I can’t wait. And thank The Kobego that training camps are back and that the NBA season is within shouting distance!
Previous thoughts on the Kobego
The Kobego stretched over China recently. Originally, Kobe-as-Panopticon-Tower (those thoughts are the first link in this post) was a way to explain the Kobego as the mediating figure of the NBA, but it’s made two high-profile forays into international basketball recently and it’s probably necessary now to situate it in Basketball rather than just the NBA.
First of course there was the Gold in the Olympics (a broader topic that I tackled for HoopSpeak recently). Then there was the Chinese charity game. The Kobego wore a black jersey—the Chinese celebrities wore green or yellow uniforms. It played half-speed and scored 68 in 15 minutes. The Kobego picked up poor #18 fullcourt and got at least one breakaway out of it. (Poor, poor #18—he didn’t know what hit him. He was a trooper, but he wore long pants to a game against the Kobego, so what did he expect?)
It’s often said that Kobe (the man, not the force-of-nature) is pathologically competitive, somewhat like Jordan, although within the usual discourse there are real distinctions between both men’s forms of competitiveness. It’s indisputable that Kobe Bryant runs on competition. The Kobego, though, only exists in the absence of competition. To mediate among the forces of the NBA the Kobego stands apart, just like the watchtower in the center of the Panopticon. To stretch and expand, the Kobego has to be flexible enough to lean and fold itself into concepts and phenomena outside of the basic NBA conflict of basketball, the individual game and the set of games that make up the larger competition. Championships transformed Kobe Bryant into the Kobego, but once the Champion task was finished, it’s unnecessary to win more of them as long as the Kobe-the-player simply continues to try to win titles in good faith (to become Gordie Howe on the Hartford Whalers, a mascot or ambassador, would probably signal some kind of transformation for the Kobego, and it’s pretty obvious as of now that the Kobego isn’t in that stage). The Kobego has to work in isolation away from the quotidien business of “competitive basketball” or it ceases to mediate every aspect of Basketball.
And both of these international incidents signify competitive opt-outs for the Kobego, with the China charity game the greater signifier. Being competitive demands having competition; when a competitive person isn’t challenged, he opts out. The Kobego did the opposite; in the face of a ridiculous spectacle—there was a quick light show whenever he scored!—the Kobego decided to score 68 points in 15 minutes. That second half is a warped, aggressive act in the context of a competition, akin to blocking all of your 5-year-old nephew’s shots in the driveway. But in the context of the Kobego always stretching and reaching, now seemingly out of the NBA and into Basketball in general, 68 in 15 makes perfect sense.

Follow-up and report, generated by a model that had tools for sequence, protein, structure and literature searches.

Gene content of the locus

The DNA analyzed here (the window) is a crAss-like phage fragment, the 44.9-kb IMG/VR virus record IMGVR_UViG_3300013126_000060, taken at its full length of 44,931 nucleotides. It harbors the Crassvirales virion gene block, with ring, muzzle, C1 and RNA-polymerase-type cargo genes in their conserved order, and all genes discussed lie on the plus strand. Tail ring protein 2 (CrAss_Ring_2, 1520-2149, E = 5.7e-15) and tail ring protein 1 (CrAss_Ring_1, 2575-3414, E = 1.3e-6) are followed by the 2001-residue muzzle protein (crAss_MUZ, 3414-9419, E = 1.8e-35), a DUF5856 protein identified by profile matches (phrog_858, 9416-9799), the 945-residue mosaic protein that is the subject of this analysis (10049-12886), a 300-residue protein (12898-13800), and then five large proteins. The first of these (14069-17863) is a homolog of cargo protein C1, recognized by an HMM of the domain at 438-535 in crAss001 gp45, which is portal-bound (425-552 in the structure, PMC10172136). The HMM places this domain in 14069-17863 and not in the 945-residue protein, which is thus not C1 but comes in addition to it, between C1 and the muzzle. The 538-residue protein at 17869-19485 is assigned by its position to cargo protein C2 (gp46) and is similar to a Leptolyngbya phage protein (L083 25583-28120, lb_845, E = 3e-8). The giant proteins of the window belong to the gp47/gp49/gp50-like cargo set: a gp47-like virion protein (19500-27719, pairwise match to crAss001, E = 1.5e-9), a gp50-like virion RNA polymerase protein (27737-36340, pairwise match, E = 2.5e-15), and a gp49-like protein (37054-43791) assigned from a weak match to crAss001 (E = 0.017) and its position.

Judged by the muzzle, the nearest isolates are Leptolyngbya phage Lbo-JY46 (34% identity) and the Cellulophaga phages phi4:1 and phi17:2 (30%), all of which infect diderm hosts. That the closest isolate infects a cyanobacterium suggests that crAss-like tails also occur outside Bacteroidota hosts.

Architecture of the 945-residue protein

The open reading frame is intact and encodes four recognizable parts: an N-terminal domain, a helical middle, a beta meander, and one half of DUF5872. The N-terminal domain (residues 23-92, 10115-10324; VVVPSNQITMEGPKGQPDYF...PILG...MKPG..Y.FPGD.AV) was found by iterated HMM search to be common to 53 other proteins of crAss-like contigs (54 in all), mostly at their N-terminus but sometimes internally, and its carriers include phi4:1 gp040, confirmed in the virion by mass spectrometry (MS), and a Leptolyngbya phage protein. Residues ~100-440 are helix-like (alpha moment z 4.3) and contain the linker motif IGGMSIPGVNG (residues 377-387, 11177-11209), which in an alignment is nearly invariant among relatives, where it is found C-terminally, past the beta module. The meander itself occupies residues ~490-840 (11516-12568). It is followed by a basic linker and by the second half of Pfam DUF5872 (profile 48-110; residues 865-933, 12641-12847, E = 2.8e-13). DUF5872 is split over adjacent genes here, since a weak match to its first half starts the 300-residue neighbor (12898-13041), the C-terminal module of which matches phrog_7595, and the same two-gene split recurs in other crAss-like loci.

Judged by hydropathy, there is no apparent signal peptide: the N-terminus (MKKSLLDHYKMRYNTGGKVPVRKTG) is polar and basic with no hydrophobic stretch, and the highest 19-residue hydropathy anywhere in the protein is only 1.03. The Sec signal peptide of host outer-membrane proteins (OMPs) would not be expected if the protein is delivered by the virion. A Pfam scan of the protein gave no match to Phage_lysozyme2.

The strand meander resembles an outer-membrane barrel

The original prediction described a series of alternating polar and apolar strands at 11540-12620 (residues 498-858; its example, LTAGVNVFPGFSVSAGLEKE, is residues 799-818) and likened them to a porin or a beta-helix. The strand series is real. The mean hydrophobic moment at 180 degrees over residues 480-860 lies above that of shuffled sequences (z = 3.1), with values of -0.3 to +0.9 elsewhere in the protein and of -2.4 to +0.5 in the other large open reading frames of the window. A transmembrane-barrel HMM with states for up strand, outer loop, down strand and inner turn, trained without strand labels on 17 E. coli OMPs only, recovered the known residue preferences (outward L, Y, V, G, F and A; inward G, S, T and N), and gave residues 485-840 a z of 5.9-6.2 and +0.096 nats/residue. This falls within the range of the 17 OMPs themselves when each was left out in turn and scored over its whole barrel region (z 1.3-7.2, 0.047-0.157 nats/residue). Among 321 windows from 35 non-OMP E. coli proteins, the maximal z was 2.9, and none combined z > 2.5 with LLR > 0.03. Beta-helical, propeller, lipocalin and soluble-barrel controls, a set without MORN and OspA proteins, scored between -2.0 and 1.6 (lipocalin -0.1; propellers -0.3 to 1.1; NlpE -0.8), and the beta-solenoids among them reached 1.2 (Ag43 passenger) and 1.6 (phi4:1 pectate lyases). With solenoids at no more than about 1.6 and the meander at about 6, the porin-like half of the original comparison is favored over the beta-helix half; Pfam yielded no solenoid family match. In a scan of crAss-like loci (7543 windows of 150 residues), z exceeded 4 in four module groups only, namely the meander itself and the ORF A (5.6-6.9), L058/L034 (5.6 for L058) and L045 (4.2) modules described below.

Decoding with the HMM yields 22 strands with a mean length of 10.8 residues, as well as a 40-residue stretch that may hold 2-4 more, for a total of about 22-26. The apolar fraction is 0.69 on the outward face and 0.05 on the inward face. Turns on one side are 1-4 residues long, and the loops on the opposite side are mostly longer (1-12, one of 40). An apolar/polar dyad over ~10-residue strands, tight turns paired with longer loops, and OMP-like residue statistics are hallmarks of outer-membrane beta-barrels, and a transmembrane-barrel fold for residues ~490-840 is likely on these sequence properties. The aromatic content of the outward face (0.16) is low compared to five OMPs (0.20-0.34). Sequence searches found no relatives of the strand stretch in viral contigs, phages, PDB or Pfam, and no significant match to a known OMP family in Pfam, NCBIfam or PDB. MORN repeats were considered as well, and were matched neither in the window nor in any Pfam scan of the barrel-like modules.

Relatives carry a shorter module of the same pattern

(One more thing: Look at the picture at the top. Jay Chou exists as an entity because we can see his shadow. The Kobego, though…)
Eric Gordon is not happy about his restricted free agency. We should expect Gordon to stay put. His situation probably feels more hopeless than it is, since his fury and insult smacks of negotiation more than sincere emotional pain. He is now out of legitimate negotiating tools, so he’s going below the belt to get to Phoenix.
And thank goodness for Gordon’s inevitable return, because it allows for the dreamers to dream. I’ve hoped for new knowledge on the court before; the Warriors capitulated to the Old Order and built a Pure Point Guard/Scoring 2 Guard lineup instead continuing to try to synthesize Elliscurry. The Bucks are in a trial period, but Scott Skiles doesn’t seem the type to embrace the possibility of a Synthesized Backcourt. Ellis is an unrestricted free agent next year, and most expect him to leave. The Thunder still have the best chance of finding the mystical balance by playing Westbrook and Harden 30 or so minutes together and sharing evenly and logically (but novelly) the three relevant backcourt responsibilities (primary PnR ballhandling, scoring, facilitating). Scott Brooks has shown consistently that he’s squeamish about looking for that new knowledge, though, and I expect Harden to come off the bench again next year.
But then on Draft night the Hornets took, and tantalized with, Austin Rivers. Rivers’s pre-Draft analysis tilted largely negative; even Chad Ford’s confidence that Rivers could be “a good teammate” trended low, and Ford’s job is basically to be bullish on prospects. The “good teammate” label sticks to players who fill altruistic Old Order roles—tenacious defenders, pass-first point guards—and combo guards coming into the draft always get tsk-tsked for scoring and dribbling so darn much.
Rivers’s NBA pedigree (Doc Rivers has been elevated to shaman status at this point; haven’t you heard? The Celtic “culture” is going to make Jeff Green above average) and polished off-the-dribble game, though, convinced the Hornets to overlook his combo guardness and take him 10th.